September 10, 2019
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The U.S. Department of Labor (DOL) recently released three opinion letters addressing the Fair Labor Standards Act, Family and Medical Leave Act, and the Consumer Credit Protection Act. These opinion letters are issued by the Wage and Hour Division and interpret how laws can be applied in specific situations posed by the letter’s requester, and serve as helpful guidance for employers.
Letter FLSA2019-13 addresses the meaning of the phrase “not less than one month” for the purpose of measuring a representative period requirement. Retail or service establishments may claim an overtime exemption under the FLSA if more than half of an employee’s compensation for a “representative period (not less than one month) … represent[s] commissions on goods or services.” The letter seeks clarity on what time periods (such as four weekly or two bi-weekly pay periods) may qualify as “not less than one month.” The opinion letter clarifies that the representative period must be a calendar month. Therefore, a measurement such as four weekly pay periods does not necessarily meet the exemption requirement (except in February of a common year). Representative periods that break across a single month (such as utilizing six consecutive weekly or three bi-weekly pay periods) meet the “not less than one month” criteria, even if the time period does not capture all the days in a single month.
Letter FMLA2019-3-A addresses whether an employer may delay designating paid leave as FMLA time off due to a collective bargaining agreement (CBA). In this scenario, the employer is a government public agency whose employees are subject to a CBA that grants job protection when utilizing employer-provided paid leave. Previously, employees were able to delay taking unpaid FMLA leave until the CBA-protected paid leave is exhausted; however, according to a prior opinion letter (FMLA2019-1-A), the employer had begun designating all leave as FMLA leave. The opinion letter confirms that employers must designate leave as FMLA as soon as they have obtained enough information to determine if a leave request qualifies as FMLA, and designation cannot be delayed or declined by either employee or employer.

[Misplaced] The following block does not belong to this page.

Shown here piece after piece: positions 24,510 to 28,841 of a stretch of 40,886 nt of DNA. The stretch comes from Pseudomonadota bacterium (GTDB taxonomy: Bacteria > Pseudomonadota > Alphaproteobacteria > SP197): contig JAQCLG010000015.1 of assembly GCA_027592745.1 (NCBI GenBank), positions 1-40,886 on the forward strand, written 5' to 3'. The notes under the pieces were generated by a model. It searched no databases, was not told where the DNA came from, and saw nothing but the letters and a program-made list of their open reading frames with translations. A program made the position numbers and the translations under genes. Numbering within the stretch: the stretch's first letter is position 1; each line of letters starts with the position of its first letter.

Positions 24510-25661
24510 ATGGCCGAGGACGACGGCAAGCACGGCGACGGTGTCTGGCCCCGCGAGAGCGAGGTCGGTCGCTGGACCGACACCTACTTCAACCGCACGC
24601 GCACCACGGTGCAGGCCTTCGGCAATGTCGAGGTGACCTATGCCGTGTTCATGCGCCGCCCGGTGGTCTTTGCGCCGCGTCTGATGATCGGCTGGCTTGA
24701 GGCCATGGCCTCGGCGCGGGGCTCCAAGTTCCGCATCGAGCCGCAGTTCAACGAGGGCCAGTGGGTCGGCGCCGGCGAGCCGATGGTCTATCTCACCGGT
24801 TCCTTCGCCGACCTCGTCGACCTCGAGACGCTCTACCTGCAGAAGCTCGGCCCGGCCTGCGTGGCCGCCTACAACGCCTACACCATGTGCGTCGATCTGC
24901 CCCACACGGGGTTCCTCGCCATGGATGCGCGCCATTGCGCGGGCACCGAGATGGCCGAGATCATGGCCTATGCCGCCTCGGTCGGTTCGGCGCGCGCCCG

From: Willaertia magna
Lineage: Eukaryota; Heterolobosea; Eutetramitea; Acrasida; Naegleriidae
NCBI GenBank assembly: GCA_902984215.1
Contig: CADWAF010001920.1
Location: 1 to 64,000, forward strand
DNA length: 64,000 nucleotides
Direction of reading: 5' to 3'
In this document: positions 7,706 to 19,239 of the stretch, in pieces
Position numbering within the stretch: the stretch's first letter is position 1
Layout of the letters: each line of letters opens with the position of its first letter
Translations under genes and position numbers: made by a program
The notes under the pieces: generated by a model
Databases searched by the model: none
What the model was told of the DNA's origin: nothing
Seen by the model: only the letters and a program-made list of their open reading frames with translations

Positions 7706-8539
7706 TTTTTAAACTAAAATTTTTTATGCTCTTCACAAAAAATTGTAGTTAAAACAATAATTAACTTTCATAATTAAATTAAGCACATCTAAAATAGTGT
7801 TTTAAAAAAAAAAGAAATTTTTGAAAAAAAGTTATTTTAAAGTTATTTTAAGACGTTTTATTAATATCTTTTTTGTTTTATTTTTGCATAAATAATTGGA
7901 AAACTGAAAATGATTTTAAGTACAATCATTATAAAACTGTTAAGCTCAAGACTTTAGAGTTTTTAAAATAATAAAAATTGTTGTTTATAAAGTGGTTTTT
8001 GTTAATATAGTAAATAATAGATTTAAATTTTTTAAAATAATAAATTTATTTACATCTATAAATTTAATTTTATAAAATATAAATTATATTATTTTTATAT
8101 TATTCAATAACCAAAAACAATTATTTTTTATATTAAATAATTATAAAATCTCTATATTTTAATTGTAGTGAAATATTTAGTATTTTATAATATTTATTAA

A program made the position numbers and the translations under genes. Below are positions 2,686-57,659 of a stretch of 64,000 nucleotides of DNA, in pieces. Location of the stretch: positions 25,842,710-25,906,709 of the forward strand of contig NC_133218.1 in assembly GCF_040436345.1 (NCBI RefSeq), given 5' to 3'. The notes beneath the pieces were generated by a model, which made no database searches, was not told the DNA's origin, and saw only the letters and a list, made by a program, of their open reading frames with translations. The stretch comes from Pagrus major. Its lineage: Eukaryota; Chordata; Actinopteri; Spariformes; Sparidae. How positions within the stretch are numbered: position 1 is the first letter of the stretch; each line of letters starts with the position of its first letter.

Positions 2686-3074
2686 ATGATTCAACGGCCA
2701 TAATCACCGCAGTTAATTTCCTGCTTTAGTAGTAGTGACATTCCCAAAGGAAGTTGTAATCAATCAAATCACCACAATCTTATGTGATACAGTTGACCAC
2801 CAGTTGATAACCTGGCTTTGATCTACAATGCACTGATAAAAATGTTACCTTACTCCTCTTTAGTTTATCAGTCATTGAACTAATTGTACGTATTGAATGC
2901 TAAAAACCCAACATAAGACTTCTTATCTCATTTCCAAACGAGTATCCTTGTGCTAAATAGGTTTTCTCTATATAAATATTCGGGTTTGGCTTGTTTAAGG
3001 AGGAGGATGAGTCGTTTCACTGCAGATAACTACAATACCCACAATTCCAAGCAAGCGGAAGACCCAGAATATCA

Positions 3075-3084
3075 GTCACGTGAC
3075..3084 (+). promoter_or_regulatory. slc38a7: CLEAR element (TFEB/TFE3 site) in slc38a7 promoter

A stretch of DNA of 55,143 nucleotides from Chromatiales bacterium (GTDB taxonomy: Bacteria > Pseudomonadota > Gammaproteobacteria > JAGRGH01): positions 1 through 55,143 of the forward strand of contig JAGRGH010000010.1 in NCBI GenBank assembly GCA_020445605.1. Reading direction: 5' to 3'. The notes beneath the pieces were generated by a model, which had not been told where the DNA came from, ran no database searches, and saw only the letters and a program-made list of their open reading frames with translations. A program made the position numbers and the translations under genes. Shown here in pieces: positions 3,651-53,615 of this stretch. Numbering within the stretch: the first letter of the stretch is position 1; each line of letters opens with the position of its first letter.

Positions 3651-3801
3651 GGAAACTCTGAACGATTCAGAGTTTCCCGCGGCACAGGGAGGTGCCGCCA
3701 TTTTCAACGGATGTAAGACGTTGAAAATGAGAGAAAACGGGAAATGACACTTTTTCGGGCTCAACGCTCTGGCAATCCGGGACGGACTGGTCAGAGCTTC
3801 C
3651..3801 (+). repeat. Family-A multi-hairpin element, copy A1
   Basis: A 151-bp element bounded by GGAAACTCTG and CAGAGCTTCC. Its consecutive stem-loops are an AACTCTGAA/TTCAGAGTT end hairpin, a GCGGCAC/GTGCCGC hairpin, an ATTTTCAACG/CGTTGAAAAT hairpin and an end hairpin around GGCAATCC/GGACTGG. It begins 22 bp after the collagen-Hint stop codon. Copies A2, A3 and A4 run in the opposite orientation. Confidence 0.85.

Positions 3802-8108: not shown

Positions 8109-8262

Letter CCPA2019-1 addresses whether or not an employer’s contributions to employee health savings accounts (HSA) constitute as earnings for the purposes of wage garnishments. The letter clarifies that the Consumer Credit Protection Act (CCPA) limits the amount of a debtor’s disposable earnings that can be withheld from an employee’s pay. The letter makes distinctions between employer contributions to HSAs and other types of compensation (e.g., wages, salaries, commissions). As a result, employer contributions to HSAs are not earnings under the CCPA and are not subject to the garnishment limitations. Employers should not include employer HSA contributions when calculating an employee’s disposable earnings for the purpose of determining the maximum amount of pay that may be garnished.
- Have overtime exemptions reviewed for compliance.
- Have FMLA procedures reviewed for compliance.
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Disclaimer: This document is designed to provide general information and guidance concerning employment-related issues. It is presented with the understanding that ManagEase is not engaged in rendering any legal opinions. If a legal opinion is needed, please contact the services of your own legal adviser.
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